Social Intersections 01 (the reading list)

So let’s begin with a very meagerly annotated reading list. Some of the annotations, I’m afraid, will be very brief indeed. I will make no effort to distinguish between different disciplines or even between critical and literary sources.

  1. Bakhtin, Mikhail 1993 Rabelais and His World Indiana University Press, Bloomington
    Originally published in 1941, this work represents a veiled critique of Stalinism. It examines how popular medieval traditions of carnival – as evident in the work of Rabelais’ Gargantua and Pantegruel (16th century) – worked to resist the dominant power of the Church. Rather than directly resisting this power, carnival demonstrates strategies of inversion, parody and material, bodily humour, manifesting an alternative, experientially grounded, profoundly playful, creative and participatory, conception of life. The underlying suggestion, applied in the modern context, is that regimes of autocratic state power can never entirely dominate popular culture.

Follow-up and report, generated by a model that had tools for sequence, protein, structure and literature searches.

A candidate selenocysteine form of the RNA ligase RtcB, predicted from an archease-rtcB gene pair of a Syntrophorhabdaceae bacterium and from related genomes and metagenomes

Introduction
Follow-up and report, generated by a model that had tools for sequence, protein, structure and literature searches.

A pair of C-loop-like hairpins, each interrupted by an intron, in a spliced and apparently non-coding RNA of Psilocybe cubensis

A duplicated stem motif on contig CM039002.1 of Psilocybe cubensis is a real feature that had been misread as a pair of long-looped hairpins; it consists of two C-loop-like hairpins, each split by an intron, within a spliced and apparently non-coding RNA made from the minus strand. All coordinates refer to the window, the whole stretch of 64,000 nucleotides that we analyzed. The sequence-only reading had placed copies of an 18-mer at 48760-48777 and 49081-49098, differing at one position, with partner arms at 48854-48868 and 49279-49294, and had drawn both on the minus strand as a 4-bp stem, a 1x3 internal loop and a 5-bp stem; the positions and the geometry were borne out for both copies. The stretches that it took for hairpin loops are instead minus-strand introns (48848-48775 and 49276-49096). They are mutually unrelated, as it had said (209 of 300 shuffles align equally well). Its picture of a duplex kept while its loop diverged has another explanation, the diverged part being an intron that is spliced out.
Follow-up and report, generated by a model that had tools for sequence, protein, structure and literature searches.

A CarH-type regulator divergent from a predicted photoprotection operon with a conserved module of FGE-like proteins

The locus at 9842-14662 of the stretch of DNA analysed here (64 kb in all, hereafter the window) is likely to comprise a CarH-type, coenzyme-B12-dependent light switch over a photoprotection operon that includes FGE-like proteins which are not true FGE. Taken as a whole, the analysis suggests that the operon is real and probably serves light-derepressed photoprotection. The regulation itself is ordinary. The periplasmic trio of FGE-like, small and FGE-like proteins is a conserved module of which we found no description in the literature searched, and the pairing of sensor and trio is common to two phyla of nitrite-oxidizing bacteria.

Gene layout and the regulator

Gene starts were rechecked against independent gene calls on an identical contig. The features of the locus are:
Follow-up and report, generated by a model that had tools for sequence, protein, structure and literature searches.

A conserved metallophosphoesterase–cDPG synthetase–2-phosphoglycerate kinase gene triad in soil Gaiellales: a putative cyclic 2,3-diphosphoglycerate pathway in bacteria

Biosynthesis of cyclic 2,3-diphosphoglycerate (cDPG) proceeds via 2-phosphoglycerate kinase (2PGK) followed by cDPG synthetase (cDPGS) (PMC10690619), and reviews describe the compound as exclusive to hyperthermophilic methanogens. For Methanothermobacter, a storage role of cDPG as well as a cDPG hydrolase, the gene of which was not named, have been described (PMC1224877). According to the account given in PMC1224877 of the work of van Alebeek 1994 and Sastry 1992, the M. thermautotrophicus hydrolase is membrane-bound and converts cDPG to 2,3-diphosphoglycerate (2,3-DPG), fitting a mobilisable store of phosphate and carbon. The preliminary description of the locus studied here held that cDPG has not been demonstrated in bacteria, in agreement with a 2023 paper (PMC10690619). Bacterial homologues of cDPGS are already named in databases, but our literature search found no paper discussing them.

2. Voloshinov, Valentin 1973 Marxism and the Philosophy of Language, Harvard University Press.
    Written in the 1920s, Voloshinov’s work is relevant in terms of his argument against Ferdinand Saussure’s concept of language as an abstract, synchronic system. Instead language is conceived as a material social process, embodying aspects of class struggle. This can be likened to notions of the way in which everyday life, although shaped by conditions of power and ideology, acts as a terrain of micro-level contestation and tactical resistance (see, for instance, Certeau). Some critics argue that Volushinov was a nom de plume for Mikhail Bakhtin.

More soon.

[Ludicrous, will move to a separate doc.]

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